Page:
AIOps Will Mean the End of Human Network Management

When early humans domesticated wheat, it changed the way they lived. The plentiful food produced by these pioneering farmers allowed populations to grow rapidly, and that meant there could be no going back to the nomadic hunter-gatherer lifestyle of the past. There were simply too many people for that.

Fast forward 10,000 years to today and network professionals are about to make a change to the way they work, which, once made, there can also be no turning back from. But this time it’s not about food production – it’s about artificial intelligence for IT operations, commonly known as AIOps.

In fact AIOps is a bit of a misnomer because it’s really about the use of machine learning (ML) rather than artificial intelligence (AI), but we’ll let that pass for now.

The point is that enterprise networks, the networks they are connected to, the applications which run on those networks and in the cloud, and all the supporting infrastructure that goes with that, have now become supremely complex when viewed as one gigantic entity. You can forget about understanding what’s going on in these systems: it’s at the very limit of human ability just to manage them and fix them when they go wrong.

That’s why networking teams around the world are looking at AIOps platforms to help them handle the vast volumes of data generated by these IT systems, networks and applications and to analyse events, metrics, network flow data, streaming telemetry data, and so on.

At the moment the trend to AIOps has only just started in earnest, although it’s been talked about for several years. But Gartner predicts that by 2023, 40% of DevOps teams will augment application and infrastructure monitoring tools with AIOps platform capabilities. There can be little doubt that a few years after this, AIOps will be the norm rather than the exception in virtually every large enterprise.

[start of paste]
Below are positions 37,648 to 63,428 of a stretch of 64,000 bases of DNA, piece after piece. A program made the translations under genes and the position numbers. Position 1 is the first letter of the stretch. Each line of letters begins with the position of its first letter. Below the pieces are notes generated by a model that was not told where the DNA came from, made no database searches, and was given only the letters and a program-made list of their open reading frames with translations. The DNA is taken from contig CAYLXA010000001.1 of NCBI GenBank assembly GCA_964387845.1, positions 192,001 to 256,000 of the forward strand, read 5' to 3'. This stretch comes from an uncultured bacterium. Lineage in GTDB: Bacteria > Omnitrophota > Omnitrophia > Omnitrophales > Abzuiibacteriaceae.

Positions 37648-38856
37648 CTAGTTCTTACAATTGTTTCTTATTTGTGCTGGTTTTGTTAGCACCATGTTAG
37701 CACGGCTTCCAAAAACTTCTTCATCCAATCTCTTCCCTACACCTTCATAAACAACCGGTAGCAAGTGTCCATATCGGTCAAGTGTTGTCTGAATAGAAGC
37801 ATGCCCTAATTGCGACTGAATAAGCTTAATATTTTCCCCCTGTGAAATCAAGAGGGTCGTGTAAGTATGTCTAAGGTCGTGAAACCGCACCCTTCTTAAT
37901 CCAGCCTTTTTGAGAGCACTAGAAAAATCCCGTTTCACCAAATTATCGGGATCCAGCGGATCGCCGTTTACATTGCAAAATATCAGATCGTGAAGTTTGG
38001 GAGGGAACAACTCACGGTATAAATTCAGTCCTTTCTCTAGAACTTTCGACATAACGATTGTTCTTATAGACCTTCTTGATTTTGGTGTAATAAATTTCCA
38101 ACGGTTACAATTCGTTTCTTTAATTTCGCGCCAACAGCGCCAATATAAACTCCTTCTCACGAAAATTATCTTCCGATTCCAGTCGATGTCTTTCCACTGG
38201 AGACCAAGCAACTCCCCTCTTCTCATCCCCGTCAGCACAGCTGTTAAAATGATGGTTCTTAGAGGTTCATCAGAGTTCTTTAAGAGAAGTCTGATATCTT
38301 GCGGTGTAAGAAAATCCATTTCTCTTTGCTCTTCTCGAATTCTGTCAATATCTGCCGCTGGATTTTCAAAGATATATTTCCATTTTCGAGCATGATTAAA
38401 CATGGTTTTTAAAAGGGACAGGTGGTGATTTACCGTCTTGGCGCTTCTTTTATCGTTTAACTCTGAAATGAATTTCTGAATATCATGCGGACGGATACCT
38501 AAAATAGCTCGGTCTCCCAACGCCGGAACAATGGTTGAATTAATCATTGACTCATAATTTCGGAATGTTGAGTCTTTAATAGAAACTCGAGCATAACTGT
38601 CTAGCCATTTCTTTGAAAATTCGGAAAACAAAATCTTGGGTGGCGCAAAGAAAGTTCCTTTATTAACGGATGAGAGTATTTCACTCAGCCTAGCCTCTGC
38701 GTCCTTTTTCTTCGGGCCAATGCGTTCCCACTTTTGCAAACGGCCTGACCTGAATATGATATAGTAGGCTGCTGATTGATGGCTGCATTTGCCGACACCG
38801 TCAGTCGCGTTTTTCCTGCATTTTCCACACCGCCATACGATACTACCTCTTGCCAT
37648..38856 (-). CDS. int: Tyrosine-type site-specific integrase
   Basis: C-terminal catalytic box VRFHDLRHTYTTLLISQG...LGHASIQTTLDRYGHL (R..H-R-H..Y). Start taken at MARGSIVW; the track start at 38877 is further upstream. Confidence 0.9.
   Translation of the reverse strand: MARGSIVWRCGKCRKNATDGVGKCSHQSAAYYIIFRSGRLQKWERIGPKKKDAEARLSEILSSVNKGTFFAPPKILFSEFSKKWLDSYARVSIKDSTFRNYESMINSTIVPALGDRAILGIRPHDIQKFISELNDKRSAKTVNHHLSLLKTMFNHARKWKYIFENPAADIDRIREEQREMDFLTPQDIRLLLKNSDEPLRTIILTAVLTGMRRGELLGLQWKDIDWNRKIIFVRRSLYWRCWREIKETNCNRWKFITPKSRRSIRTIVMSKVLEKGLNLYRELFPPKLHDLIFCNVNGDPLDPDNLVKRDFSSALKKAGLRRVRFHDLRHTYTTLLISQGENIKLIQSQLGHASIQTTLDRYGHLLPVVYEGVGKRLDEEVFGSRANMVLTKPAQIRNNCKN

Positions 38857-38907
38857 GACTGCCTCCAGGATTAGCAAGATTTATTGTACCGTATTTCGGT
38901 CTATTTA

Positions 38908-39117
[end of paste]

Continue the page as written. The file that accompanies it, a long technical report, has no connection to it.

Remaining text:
AIOps means humans can no longer manage networks

Once this has happened, though, there can be no going back. The main reason is that, freed from the constraints of what the human brain can cope with, network and systems complexity can go through the roof. It will no longer be possible for humans to manage such networks and systems, but as long as machine learning systems can watch over it all with loving grace, that won’t matter. These systems will analyse the entire system’s functioning, detect anomalies, fix problems before they occur, avoid outages and detect and prevent cybersecurity incidents.

That at least is the theory. They may prove not to be perfect, but that’s not the point. What’s important is that they will be able to perform these tasks better than humans possibly could, and that’s because we will have long passed the point where humans could perform these tasks at all. 

And there, in a nutshell, is the big potential problem with AIOps. If it doesn’t end up being as capable as we would like it to be, nothing can be done about that. Because, like becoming an agrarian society, once we go down the path of AIOps,  we will pass a point of no return.

Paul Rubens
Paul Rubens
Paul Rubens is a technology journalist specializing in enterprise networking, security, storage, and virtualization. He has worked for international publications including The Financial Times, BBC, and The Economist, and is now based near Oxford, U.K. When not writing about technology Paul can usually be found playing or restoring pinball machines.

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